The first true rite of passage for kids of my era was the driving test. This was what we waited for year after year, long after we had outgrown the pedal cars we used as four-year olds. Until we reached that magic birthday we contented ourselves with bicycles. Of course, we pretended our bicycles were cars.

In Missouri, the driving age was 16. That meant your first beer, your first real kiss and your first encounter with law enforcement was also at age 16. It was thrilling to be 16. Going out was an adventure!

My dad taught me drive on lazy Sunday afternoons in the parking lot of the Shelter Insurance Company headquarters building in my home town. It is one of the most precious memories I have of my father. His quiet, patient manner made him the ideal teacher for this type lesson.

Naturally, most of my friends were all roughly the same age as I, so driving and cars was the primary conversational topic in those days. We dreamed about hot rods, read books and magazines about cars and street racing and in general lived in a culture with the automobile positioned precisely at center stage.

For us, New Years Day has nothing to do with January first. For us, New years was sometime in early fall when the new models were introduced. During the lead up, we would argue about whether Ford would finally abandon dinner plate tail lights, if Chevy would stack headlights or stick with a side by side configuration. Styles changed radically over a very few model years. Fins went away, fastback designs leant cars with a sleek aerodynamic look which likely had little to do with physics.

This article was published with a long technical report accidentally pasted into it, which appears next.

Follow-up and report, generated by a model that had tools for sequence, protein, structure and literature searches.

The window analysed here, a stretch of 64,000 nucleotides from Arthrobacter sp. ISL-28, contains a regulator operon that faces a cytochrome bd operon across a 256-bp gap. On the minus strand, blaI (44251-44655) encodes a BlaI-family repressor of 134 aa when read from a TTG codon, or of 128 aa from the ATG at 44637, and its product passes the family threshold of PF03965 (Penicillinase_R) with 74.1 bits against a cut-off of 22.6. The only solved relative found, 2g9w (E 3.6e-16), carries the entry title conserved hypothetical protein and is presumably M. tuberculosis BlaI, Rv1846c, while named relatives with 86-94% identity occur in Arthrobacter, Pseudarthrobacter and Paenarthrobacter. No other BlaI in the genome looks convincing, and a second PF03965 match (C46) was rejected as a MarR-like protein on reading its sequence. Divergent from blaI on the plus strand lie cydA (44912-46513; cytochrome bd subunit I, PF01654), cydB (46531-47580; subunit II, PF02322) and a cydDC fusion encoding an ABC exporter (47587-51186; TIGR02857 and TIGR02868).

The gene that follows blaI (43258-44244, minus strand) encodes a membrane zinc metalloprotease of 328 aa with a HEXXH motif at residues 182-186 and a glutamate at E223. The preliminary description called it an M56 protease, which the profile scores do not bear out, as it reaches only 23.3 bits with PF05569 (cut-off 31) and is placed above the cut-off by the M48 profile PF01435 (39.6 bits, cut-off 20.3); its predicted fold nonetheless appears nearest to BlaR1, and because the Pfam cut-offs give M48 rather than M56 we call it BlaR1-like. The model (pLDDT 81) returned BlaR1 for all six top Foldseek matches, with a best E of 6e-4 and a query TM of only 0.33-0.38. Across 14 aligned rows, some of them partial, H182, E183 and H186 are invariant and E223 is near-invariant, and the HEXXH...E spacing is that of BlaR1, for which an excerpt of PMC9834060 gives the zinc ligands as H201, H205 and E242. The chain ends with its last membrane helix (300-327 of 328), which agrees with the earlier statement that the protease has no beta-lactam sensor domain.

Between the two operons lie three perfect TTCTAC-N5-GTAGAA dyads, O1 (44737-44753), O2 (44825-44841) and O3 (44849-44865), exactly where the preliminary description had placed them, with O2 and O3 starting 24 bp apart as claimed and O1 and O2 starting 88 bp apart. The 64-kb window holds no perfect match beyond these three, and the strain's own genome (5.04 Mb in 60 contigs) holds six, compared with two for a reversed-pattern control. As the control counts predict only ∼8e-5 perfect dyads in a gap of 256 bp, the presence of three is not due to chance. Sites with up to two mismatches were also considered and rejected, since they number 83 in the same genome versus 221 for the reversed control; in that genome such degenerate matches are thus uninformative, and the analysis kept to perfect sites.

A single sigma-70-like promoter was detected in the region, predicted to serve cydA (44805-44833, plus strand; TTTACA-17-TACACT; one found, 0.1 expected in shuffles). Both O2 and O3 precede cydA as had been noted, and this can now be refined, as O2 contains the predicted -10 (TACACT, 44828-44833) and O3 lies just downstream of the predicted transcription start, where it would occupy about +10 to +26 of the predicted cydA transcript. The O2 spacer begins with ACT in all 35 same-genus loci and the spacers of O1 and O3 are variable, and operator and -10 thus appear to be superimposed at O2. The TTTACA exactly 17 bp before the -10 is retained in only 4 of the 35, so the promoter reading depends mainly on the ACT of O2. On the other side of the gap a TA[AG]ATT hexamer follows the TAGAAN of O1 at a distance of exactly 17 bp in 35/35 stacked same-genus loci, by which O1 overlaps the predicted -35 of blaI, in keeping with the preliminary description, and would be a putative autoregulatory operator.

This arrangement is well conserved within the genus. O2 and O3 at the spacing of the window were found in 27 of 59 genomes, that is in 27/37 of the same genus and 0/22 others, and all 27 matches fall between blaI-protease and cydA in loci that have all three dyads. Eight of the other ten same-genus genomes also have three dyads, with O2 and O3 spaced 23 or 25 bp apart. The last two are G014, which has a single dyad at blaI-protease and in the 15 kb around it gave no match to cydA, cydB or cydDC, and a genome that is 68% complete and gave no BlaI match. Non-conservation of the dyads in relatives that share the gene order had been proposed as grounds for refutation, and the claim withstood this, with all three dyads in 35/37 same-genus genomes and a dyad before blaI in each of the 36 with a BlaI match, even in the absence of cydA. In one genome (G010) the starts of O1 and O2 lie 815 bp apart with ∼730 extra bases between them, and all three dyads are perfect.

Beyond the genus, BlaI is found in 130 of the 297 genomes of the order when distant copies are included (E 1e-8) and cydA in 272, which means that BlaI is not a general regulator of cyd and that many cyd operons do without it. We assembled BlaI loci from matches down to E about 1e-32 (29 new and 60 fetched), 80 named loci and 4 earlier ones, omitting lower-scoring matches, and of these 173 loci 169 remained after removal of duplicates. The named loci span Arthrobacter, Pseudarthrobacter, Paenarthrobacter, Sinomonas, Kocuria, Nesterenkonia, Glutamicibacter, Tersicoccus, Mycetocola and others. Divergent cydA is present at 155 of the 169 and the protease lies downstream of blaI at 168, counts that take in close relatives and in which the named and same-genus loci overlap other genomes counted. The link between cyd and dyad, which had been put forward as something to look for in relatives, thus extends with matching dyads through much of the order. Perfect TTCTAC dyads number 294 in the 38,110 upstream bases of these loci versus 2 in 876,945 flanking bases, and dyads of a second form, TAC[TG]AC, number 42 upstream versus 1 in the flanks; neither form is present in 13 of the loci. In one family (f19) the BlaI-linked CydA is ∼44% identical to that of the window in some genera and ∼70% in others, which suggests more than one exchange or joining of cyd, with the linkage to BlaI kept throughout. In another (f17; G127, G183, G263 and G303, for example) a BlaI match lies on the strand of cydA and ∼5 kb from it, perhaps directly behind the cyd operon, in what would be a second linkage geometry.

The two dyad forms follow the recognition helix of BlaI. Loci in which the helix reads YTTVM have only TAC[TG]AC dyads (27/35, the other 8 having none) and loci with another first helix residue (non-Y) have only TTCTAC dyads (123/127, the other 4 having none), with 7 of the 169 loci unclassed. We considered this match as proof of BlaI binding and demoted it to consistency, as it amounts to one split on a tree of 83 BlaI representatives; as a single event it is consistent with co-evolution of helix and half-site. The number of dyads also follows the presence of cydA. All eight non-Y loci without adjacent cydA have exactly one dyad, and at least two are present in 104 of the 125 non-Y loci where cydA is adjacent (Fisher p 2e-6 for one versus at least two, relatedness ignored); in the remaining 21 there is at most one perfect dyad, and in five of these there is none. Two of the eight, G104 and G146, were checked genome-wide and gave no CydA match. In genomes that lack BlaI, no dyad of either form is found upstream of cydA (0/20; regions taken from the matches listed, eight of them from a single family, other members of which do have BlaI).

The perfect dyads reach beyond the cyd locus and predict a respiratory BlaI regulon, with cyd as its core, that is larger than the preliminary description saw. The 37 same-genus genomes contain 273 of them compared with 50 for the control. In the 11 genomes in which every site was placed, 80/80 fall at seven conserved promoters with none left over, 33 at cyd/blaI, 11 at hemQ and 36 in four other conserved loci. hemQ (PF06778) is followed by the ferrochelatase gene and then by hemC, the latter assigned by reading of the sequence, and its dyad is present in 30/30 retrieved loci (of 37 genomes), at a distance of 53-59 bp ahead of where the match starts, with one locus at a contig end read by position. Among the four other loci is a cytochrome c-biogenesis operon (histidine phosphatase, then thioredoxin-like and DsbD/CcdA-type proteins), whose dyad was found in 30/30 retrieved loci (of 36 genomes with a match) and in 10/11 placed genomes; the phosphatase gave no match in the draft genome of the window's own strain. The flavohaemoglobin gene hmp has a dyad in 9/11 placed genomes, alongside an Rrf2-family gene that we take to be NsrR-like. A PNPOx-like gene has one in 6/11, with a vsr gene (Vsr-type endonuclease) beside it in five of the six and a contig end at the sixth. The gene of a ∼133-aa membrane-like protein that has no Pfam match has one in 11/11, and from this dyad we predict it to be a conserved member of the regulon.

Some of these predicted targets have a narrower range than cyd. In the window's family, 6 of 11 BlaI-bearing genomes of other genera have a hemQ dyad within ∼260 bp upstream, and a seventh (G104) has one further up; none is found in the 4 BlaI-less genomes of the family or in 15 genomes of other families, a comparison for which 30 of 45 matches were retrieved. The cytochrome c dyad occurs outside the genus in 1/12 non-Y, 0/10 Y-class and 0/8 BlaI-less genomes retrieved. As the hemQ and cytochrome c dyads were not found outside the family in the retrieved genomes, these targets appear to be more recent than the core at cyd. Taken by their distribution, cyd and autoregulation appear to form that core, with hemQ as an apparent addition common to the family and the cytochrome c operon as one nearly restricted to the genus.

Marketing folks understood how important cars were. I believe it was no accident that new television shows debuted in the Fall simultaneously with the annual introduction of the new car models. The linkage between visual media and automotive design became firmly entrenched in this era.

I remember the season premier of Bonanza running without commercial interruption so America could spend twenty uninterrupted minutes at the end of the show to see the new Chevys introduced in their TV debut for the coming year. The next day at school, no one talked about Ben, Hoss or Little Joe, the conversation was all about the new Malibu or ‘Vette.

The End of the Era

As with many cultural shifts multiple factors contribute to changing styles, interests and norms. During the late ’60s and early ’70s there was a definite move away from the material orientation that drove our obsession with fins, chrome and high output V8 engines. The ’74 oil shortages did not help matters any.

We still worship cars, but our tastes and approaches to automobiles has greatly changed. We are more utilitarian, more focused on efficiency and mission in our selection processes.

Today, it seems like kids don’t really care much about driving. I’m not saying they are misguided, I just find it amazing that some kids don’t feel any urgency with regard to getting a driver’s license. The prospect of driving a car does not equate to freedom and adventure in the same way it did for my contemporaries.

In fact, the position of the automobile and the importance of driving seem to be diminishing rapidly in this post millennial age. Most recently, the notion of self-driving or autonomous vehicles are becoming real possibilities in the not too distant future.

Horrifying!

I can’t imagine a more depressing development than a car that drives itself. Before you start yelling “Luddite Philistine” at me, consider a few things about autonomous vehicles. These are just a few of the problems I see with this technology.

Designated Driver – Who needs them? No one is going to drive because the car knows the way home. Does this mean we all get to drink all night kong? Someone has to remain sober or no one will remember all the embarrassing stuff that happened.